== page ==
22 December 2010

Merry Two Days Before Christmas

I wanted to throw that out there, you know. In case I explode from all the Christmas surrounding me.

I've decided to extend the contest til after Christmas, since THAT will be when I procure a $50 B&N gift card. Oh yes. It will be glorious. Like Christmas after Christmas or something.

ANYWAY, I do have something real to discuss with you, and I maaay have talked about it before, but since I have a memory the size of a pea, I don't know. Bear with me, those who have been with me for a while, because you might be getting a repeat dose of...whatever this turns into.

You see, dear readers, I have this nasty NASTY NASTY habit of comparing myself to other writers. Not necessarily people who have already been published, but people who have partials or fulls out with agents. You see, I have only a microscopic amount of faith in my talent (when I'm sober at least), and sometimes, when I see one of my writer friends at QT announce their partial or full is with an agent, I have simultaneous reactions of OMG THAT'S FABULOUS I'M SO HAPPY FOR YOU and *Slump* Obviously you're a much better writer than I am, so what am I really doing? I can't even get an agent to say yes.

That, my friends, is ungood.

Here's the thing that I've forced myself to realize, and the thing I must constantly remind myself of. The agenting/publishing game is a crapshoot. I know that my repped and soon-to-be-published and already-published comrades can attest to that. There's skill and luck involved with landing an agent/publisher's interest. One of the problems, aside from JUST NOW getting a super-awesome query (thanks again, y'all), is that SF is just not selling that well right now. I read on Pimp My Novel that a lot of women (majority of book-buyers) don't gravitate to Science Fiction, and I can understand why. Even though I love the genre, I love hard science fiction like FlashForward. I'm not a huge space SF fan. I don't get into the aliens and whatnot that much, unless the story is just ridiculously well-crafted. I love the stuff that could actually happen, and that's what made me read The Island of Dr. Moreau when I was still in school. And honestly, most people associate Science Fic with spacey stuff like Star Trek. And I don't know a whole lot of women who are in lurve with Star Trek (aside from roommate).

*Ok. Let's get back on track.*

The numbers for my genre aren't great right now. But the great thing is that numbers are always subject to change, which is why I'm going to continue querying Duality. I love the story, and I keep hearing from women who've read my query that, though they don't read SF, they'd probably pick my book up. *Which is EXCITING* Do I think that Duality will revolutionize the way women approach SF? Heck no. I'll be thrilled to death just to see it on shelves, and perhaps in someone's hand at a coffee shop someday. But if I can change someone's perception of SF just through the 114,000 words I've labored over, then I'll feel accomplished.

Ok. Really getting back on track now.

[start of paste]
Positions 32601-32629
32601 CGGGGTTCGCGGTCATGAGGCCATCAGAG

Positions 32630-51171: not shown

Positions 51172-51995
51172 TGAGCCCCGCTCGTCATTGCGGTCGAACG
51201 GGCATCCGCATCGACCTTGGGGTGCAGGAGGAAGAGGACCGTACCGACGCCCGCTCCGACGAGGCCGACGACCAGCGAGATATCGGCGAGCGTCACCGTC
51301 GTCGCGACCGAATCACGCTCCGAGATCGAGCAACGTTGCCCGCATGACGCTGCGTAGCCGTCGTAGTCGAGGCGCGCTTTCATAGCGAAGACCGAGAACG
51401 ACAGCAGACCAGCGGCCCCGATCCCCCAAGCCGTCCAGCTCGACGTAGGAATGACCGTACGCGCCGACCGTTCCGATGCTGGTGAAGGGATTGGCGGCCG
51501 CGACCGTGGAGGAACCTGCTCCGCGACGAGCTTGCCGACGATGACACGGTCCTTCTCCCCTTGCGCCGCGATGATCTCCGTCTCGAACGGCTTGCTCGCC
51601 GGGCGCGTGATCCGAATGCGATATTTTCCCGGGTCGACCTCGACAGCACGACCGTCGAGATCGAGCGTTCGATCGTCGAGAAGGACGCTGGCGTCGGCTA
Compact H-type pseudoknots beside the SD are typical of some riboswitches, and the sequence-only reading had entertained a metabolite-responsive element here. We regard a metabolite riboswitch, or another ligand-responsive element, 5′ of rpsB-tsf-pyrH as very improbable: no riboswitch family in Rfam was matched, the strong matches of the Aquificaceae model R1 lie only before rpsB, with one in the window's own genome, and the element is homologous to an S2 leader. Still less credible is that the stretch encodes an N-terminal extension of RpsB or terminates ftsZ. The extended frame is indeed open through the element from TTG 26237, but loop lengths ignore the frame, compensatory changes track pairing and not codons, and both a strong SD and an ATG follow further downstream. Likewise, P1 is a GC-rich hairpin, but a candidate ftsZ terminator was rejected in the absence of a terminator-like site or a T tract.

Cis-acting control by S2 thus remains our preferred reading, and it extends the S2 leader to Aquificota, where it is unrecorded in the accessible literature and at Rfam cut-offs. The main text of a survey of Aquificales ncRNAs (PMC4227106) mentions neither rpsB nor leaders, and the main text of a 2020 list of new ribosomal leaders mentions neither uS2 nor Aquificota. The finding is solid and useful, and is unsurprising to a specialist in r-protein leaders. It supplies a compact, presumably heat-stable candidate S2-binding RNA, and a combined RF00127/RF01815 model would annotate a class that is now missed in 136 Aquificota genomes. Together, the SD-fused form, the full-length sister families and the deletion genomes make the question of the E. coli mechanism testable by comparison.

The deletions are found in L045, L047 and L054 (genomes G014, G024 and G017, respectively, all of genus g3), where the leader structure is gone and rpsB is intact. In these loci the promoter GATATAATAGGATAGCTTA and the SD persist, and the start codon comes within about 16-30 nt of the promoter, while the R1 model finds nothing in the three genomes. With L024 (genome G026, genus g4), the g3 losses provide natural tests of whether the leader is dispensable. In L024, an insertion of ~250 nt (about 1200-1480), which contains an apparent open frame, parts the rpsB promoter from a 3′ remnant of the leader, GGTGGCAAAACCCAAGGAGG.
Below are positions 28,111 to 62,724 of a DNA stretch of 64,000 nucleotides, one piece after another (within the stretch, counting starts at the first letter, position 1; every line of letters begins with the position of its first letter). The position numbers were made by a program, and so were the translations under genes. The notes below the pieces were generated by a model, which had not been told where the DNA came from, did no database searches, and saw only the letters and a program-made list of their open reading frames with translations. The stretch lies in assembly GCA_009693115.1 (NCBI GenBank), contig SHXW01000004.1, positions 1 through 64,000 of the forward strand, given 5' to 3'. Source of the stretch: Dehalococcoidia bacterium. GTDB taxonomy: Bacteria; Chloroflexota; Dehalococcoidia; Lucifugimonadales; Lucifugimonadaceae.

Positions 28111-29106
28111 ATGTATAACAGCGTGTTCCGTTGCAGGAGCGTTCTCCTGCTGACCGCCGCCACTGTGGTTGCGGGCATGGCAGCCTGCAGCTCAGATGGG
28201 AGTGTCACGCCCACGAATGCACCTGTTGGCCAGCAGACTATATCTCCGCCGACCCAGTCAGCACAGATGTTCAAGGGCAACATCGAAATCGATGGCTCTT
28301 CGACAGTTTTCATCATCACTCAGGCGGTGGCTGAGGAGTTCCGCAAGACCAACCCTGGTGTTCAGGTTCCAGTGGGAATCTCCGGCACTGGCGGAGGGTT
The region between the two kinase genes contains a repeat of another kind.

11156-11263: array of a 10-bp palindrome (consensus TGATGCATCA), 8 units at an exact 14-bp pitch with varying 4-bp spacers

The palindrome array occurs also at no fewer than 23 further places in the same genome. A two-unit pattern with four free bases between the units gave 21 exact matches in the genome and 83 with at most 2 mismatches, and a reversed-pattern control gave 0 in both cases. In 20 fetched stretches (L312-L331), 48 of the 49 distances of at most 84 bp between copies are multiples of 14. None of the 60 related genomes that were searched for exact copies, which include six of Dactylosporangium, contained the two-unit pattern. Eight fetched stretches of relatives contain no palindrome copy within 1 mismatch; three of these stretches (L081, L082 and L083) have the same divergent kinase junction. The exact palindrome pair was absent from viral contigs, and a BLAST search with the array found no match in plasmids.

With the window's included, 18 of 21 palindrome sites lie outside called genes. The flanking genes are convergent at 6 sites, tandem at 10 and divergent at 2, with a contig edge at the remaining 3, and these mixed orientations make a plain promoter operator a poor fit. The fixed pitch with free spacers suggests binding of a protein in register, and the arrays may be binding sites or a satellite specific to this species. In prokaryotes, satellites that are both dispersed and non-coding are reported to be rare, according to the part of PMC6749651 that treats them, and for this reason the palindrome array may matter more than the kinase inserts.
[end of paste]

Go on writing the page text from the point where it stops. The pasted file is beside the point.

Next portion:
Here's my point (I really need to learn to focus these posts, jeez). There are a million and one reasons why someone's getting representation when you're not. Seriously. Sometimes you're betting on the red square, and the agent wants the black square (back to gambling references...yay....). Sometimes the cards aren't in your genre's favor and only an agent with a severe passion for that genre will take a chance. Sometimes, you get an agent on the wrong day. Sometimes, you need to refocus on your project (otherwise known as the dreaded "querying too soon") or rework your query to make it stronger. And then sometimes you just need to shelve the project. It hurts, but it's true. And that doesn't mean that you can't come back to it at a later date. A friend of mine who just got repped a few months back is getting her shelved project into her agent's hands as well (totally exciting!). So there's always the potential for success. You just have to keep at it. And the best way to do that is NOT to compare yourself to your friends who are having better luck. Keep writing, keep improving, and keep trying. Those are the key tenets to a writing career.

Also, have faith in yourself. No one can do this for you.

And you've come this far, so don't give up.

PS. Don't forget about the SocialVibe thing, either. Easy way to give back!

(And this was my 100th blog post! Woo hoo!)

6 comments:

Deb Salisbury said...

I agree. No matter how frustrating or discouraging the hunt becomes. Don't give up!

Wishing you a Merry Christmas and a successful New Year!

lexcade said...

Yes, ma'am! You never know when things will change.

Merry Christmas to you as well, Deb, and happy New Year!!!!!!! May 2011 be waaaaaaaaaay better than 2010...

Tracy said...

I do the same thing. It's natural to feel like "what am I doing wrong"? But you're right, there are far too many reasons (beyond our control) that go into the when and where.

There is a flip side of the coin to your SF isn't selling well at the moment. I write paranormal and that IS selling really well at the moment. So well, in fact, that everyone and their mother is submitting manuscripts to agents in that genre. So for me, it's proving a LOT harder to stand out in the stacks of thousands of others doing the same genre as me.

That's why we gotta keep the faith. :D

Merry Christmas, lex!

lexcade said...

I concur, Tracy. We just gotta work on standing out from either a lackluster crowd, or one so inundated with people that agents are pulling their hair out ;)

But we can do it. Because we're awesome like that.

Keep on, keepin' on, Sistah!

And Merry Christmas!

Chris Phillips said...

Happy Christmas and congrats on 100 posts.

lexcade said...

Thanks, Chris! :) Hope you're feeling better for Christmas!

Merry Christmas and happy New Year!

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